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Ask the editor: How to untangle a plot

Q: An agent said my novel was “dense, over-plotted and difficult to follow.” I’m not sure what to do.

A: You might have too much action and not enough content. If that’s the problem, you need to punctuate any rapid fire twists and turns with dialogue, description, and the kind of pacing that’s easier to understand and more meaningful.

Dan Brown Syndrome

You’re not the only writer struggling with an over-plotted story. I’ve noticed a trend lately in submissions suffering from Dan Brown Syndrome.

Dan Brown is of course a highly regarded and hugely successful author, whose stories hold readers rapt through dozens of fast-speed fabulous surprises and a large cast of amazing characters who can evoke our cheers or catcalls.

But in his wake, we see too many authors producing stories with bewildering upsets and spins, a cast of characters larger than Tolstoy’s War and Peace, and dense, confusing plots that stumble back and forth in time and point of view. There’s often not a moment’s pause so we poor readers can catch our breath to figure out who’s who and what’s going on.

What Dan knows and so should you

It’s not a good idea to rush through the plot, chewing and churning up more and more material. Your story needs pacing and literary punctuation, breathing room, a space to interrupt and set off the action.

How an editor can help

When I find myself re-reading or tracing back a deluge of bewildering actions to figure out what’s going on, it’s time to suggest specific spots in the text for editorial intervention.

An author working with an experienced editor on detangling a plot should expect line-by-line recommendations for surgical pruning, and adding new dialogue and description in order to slow down the action so it’s understandable and more readable.

That’s what I provide my writer clients.

Best practices for storytelling

To engage readers in a story you need to limit the number of characters they identify with and care about enough to find out what happens to them. Pick two or three. We also want a discernable goal to the story, but not more than one, please, so we can follow the narrative arc from problem to development to solution. These aren’t rules set in stone, but general principles or best practices for storytelling.

So for example, if your heroine finds a dead body in the first scene, then suddenly another in scene two, and two more with no connection or explanation in scene three, yikes, please, take a break.

Tell us more about her, where she is, what she looks like. Let her speak to someone in words we can understand. Feather in some of her backstory and personality. Give us enough of a portrait so she becomes real and sympathetic; we’ll begin to worry about her safety. Even if she’s a villainess, we need to be fascinated, curious, to engage with her on some level.

A story needs focus and depth

This kind of dense, breathless pacing is not an uncommon phenomenon. I’ve worked on some very serious books that skittered across too many intentions and themes – political, historical, biographical, personal memoir – without resting enough to provide the details needed to make the book readable or meaningful.

In such cases, it often turns out to be a case of the writer not being able to decide which way to go, and plunging ahead in several directions at once without enough focus or depth.


DIY plot pruning

If your latest draft feels stuck or has been having no luck getting an agent or publisher, read it through and check out the following symptoms and suggested solutions:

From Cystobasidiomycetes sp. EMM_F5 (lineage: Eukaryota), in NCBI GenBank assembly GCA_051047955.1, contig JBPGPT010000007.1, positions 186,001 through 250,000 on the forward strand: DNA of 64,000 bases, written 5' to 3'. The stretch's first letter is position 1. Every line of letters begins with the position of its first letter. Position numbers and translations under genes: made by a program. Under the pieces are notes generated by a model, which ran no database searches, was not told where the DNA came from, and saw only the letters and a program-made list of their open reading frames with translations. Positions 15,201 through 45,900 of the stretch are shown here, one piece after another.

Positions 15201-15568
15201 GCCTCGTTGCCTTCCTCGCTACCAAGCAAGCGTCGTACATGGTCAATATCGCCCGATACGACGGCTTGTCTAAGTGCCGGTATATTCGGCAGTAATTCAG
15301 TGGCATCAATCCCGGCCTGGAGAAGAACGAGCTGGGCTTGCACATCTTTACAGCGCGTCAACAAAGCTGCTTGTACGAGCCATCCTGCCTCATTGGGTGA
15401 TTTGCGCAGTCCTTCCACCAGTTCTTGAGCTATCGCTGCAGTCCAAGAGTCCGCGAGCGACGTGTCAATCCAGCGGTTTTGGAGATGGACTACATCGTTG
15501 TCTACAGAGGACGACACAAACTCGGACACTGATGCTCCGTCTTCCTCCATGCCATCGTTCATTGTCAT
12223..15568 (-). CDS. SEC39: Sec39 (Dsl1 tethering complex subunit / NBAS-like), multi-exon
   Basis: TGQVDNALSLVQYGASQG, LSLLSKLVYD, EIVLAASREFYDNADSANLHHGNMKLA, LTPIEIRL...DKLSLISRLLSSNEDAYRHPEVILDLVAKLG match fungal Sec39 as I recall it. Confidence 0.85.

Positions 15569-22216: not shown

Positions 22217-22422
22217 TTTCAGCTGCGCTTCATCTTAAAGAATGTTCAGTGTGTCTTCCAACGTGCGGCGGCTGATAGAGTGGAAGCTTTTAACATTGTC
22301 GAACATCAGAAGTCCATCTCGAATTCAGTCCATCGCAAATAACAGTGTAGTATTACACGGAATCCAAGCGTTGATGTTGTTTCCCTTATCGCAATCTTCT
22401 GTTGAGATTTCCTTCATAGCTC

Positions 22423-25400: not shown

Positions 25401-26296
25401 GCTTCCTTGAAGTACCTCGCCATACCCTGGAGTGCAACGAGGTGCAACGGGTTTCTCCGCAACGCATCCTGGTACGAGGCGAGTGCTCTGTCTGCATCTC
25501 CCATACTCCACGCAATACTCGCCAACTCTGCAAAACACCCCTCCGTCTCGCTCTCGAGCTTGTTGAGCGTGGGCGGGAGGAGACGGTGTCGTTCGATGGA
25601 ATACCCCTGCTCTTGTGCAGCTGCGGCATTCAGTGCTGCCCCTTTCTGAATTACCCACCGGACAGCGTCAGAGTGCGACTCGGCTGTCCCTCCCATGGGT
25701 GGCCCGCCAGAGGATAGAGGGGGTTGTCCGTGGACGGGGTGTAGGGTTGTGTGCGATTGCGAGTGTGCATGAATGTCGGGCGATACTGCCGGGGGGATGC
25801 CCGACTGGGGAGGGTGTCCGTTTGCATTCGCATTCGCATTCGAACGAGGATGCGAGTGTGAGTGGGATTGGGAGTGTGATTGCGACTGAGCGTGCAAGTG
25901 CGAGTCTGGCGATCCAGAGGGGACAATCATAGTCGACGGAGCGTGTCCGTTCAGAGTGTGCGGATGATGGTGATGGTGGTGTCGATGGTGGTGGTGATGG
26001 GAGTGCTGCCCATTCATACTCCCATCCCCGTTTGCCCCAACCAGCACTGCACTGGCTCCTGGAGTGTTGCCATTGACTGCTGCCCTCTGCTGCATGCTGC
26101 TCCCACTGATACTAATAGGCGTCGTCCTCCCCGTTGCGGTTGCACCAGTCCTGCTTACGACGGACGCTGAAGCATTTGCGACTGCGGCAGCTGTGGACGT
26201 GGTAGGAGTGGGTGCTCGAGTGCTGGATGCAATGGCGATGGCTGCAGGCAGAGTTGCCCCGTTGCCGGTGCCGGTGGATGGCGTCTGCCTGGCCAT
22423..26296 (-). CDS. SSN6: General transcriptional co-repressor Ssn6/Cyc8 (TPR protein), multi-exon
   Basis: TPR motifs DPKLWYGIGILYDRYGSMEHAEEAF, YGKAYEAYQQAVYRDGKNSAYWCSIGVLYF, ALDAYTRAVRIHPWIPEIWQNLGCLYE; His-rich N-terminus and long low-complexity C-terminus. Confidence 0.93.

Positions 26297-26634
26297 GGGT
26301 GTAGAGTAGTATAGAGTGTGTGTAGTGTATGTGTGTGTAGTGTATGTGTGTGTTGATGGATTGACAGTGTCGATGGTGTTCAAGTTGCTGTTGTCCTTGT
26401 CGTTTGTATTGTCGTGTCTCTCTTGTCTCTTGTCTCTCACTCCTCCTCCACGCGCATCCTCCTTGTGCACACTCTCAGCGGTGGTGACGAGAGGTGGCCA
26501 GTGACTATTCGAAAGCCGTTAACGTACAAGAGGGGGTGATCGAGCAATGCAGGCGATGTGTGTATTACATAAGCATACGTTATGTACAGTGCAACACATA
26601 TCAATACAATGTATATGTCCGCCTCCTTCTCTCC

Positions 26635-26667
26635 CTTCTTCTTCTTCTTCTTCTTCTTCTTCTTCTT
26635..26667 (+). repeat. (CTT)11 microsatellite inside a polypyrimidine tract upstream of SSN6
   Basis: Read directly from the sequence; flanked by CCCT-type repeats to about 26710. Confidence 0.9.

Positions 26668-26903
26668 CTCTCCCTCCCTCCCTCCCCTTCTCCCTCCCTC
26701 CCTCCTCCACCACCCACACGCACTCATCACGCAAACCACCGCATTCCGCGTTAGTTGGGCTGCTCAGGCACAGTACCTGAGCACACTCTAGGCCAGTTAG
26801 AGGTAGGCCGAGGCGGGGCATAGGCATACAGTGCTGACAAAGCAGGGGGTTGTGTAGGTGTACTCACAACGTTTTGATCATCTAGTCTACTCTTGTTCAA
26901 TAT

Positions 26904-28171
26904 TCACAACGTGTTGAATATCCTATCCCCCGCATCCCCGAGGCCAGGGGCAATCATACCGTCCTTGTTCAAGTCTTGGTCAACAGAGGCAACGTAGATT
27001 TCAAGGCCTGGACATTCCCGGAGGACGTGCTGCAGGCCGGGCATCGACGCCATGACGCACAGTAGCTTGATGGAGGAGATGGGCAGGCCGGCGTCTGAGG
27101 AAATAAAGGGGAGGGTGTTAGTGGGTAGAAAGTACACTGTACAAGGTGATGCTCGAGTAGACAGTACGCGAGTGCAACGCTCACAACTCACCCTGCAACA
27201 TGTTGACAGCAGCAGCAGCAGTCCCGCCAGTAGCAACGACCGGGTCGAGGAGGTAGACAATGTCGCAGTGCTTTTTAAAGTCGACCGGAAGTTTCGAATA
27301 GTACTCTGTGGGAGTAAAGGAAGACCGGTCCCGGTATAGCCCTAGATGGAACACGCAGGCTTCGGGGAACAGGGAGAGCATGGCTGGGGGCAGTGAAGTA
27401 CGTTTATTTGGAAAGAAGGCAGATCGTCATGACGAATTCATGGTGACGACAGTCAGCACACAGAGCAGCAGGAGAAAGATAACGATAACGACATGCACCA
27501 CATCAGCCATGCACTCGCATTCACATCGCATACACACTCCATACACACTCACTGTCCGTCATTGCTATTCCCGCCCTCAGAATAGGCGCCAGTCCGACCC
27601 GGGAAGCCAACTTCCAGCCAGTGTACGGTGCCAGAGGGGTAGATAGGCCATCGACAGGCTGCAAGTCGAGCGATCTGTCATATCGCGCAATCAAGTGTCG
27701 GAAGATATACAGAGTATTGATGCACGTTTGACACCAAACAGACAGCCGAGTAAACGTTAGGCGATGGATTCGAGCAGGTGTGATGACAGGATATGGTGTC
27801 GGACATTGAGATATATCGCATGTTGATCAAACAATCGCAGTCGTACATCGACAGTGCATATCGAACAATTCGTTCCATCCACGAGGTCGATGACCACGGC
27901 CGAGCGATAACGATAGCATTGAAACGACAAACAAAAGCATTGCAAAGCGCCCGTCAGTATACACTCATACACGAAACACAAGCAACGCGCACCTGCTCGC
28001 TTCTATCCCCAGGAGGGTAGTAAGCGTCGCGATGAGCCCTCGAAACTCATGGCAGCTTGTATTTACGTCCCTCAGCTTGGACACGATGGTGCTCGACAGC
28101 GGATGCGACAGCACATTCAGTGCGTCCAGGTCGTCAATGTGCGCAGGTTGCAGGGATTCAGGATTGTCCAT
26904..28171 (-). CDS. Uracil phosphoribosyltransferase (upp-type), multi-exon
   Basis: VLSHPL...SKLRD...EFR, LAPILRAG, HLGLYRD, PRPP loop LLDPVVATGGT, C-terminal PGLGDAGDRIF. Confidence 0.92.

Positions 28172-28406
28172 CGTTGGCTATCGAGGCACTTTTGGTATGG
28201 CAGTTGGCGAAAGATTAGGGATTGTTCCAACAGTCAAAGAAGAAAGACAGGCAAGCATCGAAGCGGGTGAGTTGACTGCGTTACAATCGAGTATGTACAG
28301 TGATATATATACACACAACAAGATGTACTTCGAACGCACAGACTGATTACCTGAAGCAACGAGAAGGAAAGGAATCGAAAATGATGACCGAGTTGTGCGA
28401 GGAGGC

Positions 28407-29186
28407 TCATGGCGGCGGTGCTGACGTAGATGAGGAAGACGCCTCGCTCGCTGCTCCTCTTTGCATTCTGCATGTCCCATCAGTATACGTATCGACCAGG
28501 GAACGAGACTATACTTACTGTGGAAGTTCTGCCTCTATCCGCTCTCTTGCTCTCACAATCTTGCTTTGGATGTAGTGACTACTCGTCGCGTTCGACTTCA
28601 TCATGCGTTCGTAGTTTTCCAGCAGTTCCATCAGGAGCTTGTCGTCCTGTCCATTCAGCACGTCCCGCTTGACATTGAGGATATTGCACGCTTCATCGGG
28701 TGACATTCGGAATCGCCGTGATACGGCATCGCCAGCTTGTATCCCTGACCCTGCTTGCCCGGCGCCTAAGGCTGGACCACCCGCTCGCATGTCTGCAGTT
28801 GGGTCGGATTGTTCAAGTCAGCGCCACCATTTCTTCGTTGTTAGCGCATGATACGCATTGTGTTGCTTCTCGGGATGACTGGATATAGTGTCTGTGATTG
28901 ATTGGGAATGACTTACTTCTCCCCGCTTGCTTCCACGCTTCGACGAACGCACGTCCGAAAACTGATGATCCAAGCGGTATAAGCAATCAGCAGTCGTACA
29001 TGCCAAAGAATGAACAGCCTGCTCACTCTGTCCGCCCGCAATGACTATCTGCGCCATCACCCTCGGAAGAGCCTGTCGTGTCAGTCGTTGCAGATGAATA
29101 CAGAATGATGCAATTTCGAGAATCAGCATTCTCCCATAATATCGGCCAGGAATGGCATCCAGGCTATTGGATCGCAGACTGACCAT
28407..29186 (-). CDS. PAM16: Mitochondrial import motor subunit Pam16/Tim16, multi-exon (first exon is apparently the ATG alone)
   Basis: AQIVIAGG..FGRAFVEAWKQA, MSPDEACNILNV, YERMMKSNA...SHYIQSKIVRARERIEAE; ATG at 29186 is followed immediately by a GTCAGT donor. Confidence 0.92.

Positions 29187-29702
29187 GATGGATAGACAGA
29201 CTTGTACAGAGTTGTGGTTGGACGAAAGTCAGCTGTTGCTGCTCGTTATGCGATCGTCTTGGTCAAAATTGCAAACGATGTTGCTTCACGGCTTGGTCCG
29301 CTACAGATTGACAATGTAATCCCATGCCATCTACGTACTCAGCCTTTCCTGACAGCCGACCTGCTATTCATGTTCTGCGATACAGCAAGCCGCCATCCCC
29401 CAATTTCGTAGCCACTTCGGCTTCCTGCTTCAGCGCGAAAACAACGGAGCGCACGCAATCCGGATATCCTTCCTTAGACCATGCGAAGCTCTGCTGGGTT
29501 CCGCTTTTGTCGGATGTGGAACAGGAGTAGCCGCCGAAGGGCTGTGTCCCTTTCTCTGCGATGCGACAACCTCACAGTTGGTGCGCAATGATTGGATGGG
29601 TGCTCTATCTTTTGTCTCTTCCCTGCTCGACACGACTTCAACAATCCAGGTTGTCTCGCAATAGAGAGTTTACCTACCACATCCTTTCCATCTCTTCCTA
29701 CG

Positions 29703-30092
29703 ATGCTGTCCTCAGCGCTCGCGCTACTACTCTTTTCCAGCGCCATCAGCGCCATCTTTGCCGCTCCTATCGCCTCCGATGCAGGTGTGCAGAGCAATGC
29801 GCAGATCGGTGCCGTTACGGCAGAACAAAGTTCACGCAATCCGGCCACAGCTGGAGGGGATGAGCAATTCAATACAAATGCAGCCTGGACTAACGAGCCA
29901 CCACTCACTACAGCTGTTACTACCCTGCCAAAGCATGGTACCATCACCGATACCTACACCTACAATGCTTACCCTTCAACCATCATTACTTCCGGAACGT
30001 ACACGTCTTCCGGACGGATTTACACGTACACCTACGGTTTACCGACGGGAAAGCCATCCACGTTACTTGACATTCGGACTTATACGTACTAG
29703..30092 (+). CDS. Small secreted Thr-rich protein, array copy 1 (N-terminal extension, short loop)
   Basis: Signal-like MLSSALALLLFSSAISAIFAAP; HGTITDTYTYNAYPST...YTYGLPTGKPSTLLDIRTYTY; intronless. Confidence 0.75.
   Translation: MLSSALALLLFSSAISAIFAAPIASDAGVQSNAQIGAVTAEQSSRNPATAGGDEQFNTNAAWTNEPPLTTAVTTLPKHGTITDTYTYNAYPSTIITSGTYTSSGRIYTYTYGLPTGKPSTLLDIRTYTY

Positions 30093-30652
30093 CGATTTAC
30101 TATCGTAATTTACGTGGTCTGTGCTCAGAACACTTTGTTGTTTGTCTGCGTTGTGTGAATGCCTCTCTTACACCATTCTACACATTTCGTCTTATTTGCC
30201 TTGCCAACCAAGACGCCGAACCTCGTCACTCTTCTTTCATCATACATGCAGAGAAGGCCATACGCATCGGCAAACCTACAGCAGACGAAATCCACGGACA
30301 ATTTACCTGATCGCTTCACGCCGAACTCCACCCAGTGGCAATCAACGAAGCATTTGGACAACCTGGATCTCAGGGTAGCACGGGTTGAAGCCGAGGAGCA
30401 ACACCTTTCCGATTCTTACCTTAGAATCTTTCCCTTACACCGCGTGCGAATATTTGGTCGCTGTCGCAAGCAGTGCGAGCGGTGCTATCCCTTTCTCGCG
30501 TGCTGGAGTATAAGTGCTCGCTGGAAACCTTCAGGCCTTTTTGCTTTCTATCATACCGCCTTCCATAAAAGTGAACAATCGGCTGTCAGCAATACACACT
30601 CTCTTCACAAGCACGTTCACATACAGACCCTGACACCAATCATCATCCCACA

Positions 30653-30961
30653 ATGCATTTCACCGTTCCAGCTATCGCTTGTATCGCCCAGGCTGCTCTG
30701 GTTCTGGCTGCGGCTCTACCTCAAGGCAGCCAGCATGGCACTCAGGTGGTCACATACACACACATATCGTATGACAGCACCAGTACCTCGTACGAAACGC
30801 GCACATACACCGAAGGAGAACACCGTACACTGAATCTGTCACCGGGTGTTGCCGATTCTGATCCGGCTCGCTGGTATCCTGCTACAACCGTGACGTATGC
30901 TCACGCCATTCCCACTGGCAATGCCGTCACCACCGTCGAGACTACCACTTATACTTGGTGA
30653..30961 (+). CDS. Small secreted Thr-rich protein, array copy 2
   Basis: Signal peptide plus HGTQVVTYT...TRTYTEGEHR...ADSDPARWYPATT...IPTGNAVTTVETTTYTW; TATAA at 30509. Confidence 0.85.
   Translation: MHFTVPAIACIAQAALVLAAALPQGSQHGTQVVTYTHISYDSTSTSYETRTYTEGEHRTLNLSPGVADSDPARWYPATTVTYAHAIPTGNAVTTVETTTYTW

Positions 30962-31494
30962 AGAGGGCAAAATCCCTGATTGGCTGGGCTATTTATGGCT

Symptom #1:  Dense movement from crisis to crisis

Solution: Slow down the pace and pause between actions. Breathe some air into the plot. Add space for dialogue, visual description, other ways of making the story come alive like small elements of character development and back story, plus random odors, surprising sounds, the grit or polish of how an object or person feels when touched by another.

Symptom #2Constant flashes back and forth in time

Solution: Stay in one time zone for a while. Try a whole chapter. Now consider limiting the number of basic periods of time in the entire story.

Symptom #3:  Rapid accumulation of dead bodies

Solution: Reduce the number in the first chapter to just one. Then stop to expand context, describe either the killer or whomever discovers the body . Have at least two more scenes of non-violent activity before another body turns up.

Symptom #4: Multiple narrative voices

Solution: Stick to one or two at the most. My favorite is first person, but you can shift to another first person or omniscient third person that focuses on one other character’s perspective. That’s my preference.

Symptom #5: Different story threads leading to various separate endings

Solution: Prune to one. Keep it simple. Find the Holy Grail, the true love, the lethal killer.


Develop your rhythm

Ultimately you need to develop a good rhythm, a beat, a balance between the quick and the still, the action and the time for absorbing, observing the details, ruminating. If you have too much going on at once, you’ll burn out the reader and lose your audience.

Do you have a tangled plot?

Do you recognize any of the issues here?  I’ll do my best to answer questions, so fire away!


  1. says

    I’ve run into the same problem with an overplotted story–also got a comment from an agent. She didn’t call it overplotted, but that’s what the gist of her comments was.

    In my case, I know why, though I’m still working on the fix. There are two problems:

    1. I tend to run too short. Not like 10K short, but much shorter. The traditional advice for when you run short is “Add more plot.” So I added more plot, and more plot, and more plot until I got the word count to the right place.

    2. Subplots don’t develop naturally for me. Instead, I get what I call kudzu. These might be a sentence, a paragraph, a page that’s the hint of a subplot–and I’ll have 50 or more of them.

    For the second one, I literally had to just go over the manuscript to identify all of these. If I try to edit on screen, I will never catch them all. For the first one, well, I’m still working on it. I’m taking a course on how to revise your novel to see if I can solve the length issue without overplotting.

  2. says

    My first draft of my novel was breathless and overly twisty. I didn’t have a clear picture of some plot and setting details, and was horrified when I figured it out. I’m still trying to sort it out, and your advice comes at just the right time.